Battles on Both Sides of the Board
The following game was played in the Garden State Chess League match between Summit and Kenilworth on Thursday, January 7, 2010 at the Kenilworth Chess Club. Steve Stoyko adopts an interesting approach as Black against Simon Thomson's Tarrasch French, closing up the center and setting up a classic struggle on opposite sides of the board. Though the pawn structure gives White great potential for a kingside attack, Stoyko strikes first with a queenside attack, eventually sacrificing a piece in order to create dangerous passed pawns in that region. Thomson battles back with a dangerous kingside attack (despite the exchange of Queens) and should have been able to force a draw by perpetual check (though he may have been looking for mate). But time pressure mistakes gave Black the point. I told Steve I thought it was a fascinating game from start to finish and he agreed, saying that practically every move was "a study in choices," with fascinating possibilities for both players at every turn. In such a situation, it was inevitable that the clock should decide the game.
Simon Thomson - FM Steve Stoyko [C05]
Garden State Chess League/Kenilworth, NJ USA 2010
A thematic Knight reshuffling. The Ng1 will go to e2 and both Knights will defend the critical dark squares, especially d4.
"In order to determine White's pawn structure" notes Viktor Moskalenko in The Flexible French. Of course, 7... Qb6 is also good as Moskalenko discusses.
An older move in this position, which clears the way for queenside development and and an attack on that wing.
The battle-lines are clearly drawn: Black will play on the queenside while White attacks on the kingside (even if his own King must castle there.) Stoyko refuses to waste time with moves on the kingside to try to slow White down, as is often done. One interesting game where Black tried to play on both sides at once continued:
10... h5 (trying to slow up White's attack with g4 and f5) 11.
The exchange of queens reduces the danger of White's kingside attack, but White still manages to conjure up dangerous threats in that sector.
The only good move but very strong. White now gets a dangerous passed pawn.
Stoyko is prepared to sac a piece for White's d-pawn, so long as he gains a strong passer on the queenside in exchange.
The Knight cannot really hold the b-pawn, but White cannot passively defend it in any case:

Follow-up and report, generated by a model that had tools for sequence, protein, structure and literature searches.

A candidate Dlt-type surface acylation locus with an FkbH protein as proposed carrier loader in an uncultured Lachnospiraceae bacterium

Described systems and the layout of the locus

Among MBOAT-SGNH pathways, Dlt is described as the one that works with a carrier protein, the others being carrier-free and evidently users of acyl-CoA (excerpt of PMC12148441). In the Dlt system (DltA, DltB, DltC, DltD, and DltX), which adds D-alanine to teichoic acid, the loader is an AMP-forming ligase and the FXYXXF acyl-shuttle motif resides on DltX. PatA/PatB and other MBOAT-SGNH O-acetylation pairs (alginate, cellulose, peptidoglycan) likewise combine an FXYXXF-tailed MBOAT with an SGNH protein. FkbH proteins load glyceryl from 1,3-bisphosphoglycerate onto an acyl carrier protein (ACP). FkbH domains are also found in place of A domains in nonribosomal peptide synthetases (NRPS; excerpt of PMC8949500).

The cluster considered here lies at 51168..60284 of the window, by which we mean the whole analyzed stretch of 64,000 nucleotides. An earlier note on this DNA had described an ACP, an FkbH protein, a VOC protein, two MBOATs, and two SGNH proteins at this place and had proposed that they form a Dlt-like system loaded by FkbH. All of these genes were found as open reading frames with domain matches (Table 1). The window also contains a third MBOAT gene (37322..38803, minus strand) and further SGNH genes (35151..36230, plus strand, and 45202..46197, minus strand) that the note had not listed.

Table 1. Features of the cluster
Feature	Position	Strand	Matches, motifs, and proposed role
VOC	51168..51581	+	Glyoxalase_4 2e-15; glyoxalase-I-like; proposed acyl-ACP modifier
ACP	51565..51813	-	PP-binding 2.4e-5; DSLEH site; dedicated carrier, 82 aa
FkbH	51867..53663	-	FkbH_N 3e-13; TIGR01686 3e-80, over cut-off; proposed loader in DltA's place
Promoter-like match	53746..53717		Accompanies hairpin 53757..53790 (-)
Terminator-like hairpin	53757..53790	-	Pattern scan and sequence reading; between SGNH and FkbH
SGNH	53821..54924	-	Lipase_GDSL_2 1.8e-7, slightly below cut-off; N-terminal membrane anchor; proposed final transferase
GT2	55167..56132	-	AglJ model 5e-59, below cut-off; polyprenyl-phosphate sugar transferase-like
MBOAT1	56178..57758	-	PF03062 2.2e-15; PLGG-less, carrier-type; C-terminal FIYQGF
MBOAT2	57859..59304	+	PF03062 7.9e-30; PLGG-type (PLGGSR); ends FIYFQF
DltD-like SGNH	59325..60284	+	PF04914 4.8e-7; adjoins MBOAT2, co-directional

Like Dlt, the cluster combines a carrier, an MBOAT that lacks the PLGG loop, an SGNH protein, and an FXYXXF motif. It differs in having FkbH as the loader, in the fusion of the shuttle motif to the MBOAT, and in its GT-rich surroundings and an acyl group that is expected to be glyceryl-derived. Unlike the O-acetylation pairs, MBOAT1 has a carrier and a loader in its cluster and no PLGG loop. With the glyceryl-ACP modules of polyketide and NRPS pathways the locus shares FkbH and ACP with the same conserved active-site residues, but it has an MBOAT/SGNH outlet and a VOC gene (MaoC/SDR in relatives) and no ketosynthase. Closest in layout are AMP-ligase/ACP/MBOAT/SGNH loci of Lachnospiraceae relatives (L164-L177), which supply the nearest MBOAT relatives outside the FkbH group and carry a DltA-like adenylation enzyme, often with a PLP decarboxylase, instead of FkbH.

Black's connected passed pawns offer at least sufficient compensation for the piece. White must now continue his attack on the kingside, which should gain him a draw.
Creating luft for his own King while threatening to hem in Black's King with h5. White's kingside attack appears to force a draw. Thomson's mistake seems to have been in trying for more. Not as good is 32. Kg1 b5 (32... Rb2 33. Rd1 b5) 33. Rf8+ Kh7 34. Ra8 Rd3
Though forces are much reduced, the complications of the position are incredible and very difficult to calculate in time pressure. Stoyko moved quickly here and turned a forced draw into a win.
No better is 32... b5!? 33. h5! Nc3 (33... b4?? 34. Kh2!! Nc3 35. Rf8+ Kh7 36. Nf4!! g5 37. hxg6+ Kg7 38. Rf7+ Kg8 39. Ne6 a2 40. Rf8#) 34. Bxh6! (34. Rf8+ Kh7 35. Ra8 Na4 36. Nf8+ Kg8 37. Ng6+ Kf7) 34... gxh6 (34... Rb1 35. Rxb1 Nxb1 36. Bc1 b4 37. Nc5) 35. Rf8+ Kh7 36. Rf7+ Kg8 37. Rf8+= with a draw by perpetual check.
An error in time pressure. Black can win by force by marching his King out of the danger zone, where White tactics can force a draw or even mate if he is not careful:
b) 36... b5?! 37. Be5 Rb1? (37... Rf2 38. Ra7 Kg6 39. Nxg7 h5 (39... Na4?? 40. h5+ Kh7 41. Ne6+ Kg8 42. Rg7+ Kh8 43. Rf7+ Kg8 44. Rxf2 and forces mate) 40. Ra6+ Kh7 41. Ra7 and White appears to force a draw, e.g.: 41... Na4 42. Nf5+ Kg6 43. Ne7+ Kf7 44. Nf5+ Ke8 45. Ng7+ Kd8 46. Ne6+ Ke8 47. Ng7+ etc.) 38. Ra7 Re1 39. Nf8+ Kg8 40. Ng6 Rxe5 41. dxe5 Na4 42. e6 a1=Q 43. Ra8+ Kh7 44. h5
In time pressure, both players missed the possibility of attacking the Knight at c6 with Bd2, gaining two pieces for Rook and pawn, when White should be able to draw. Best, though, seems to bring the Knight to a better square by a series of checks before playing Bd2, thus: 37. Nf8+!? (this seems more precise than the immediate Bd2) 37... Kg8 38. Ng6+ Kf7 39. Ne5+ Ke6 40. Bd2 a1=Q 41. Rxa1 Rxa1 42. Bxc3 Ra3 43. Bb4 Ra4 44. Bc3 (44. Bf8? Rxd4) 44... Ra3=
A fascinating game, which allowed Kenilworth to draw the match with Summit.
Game in PGNCopyright © 2010 by Michael Goeller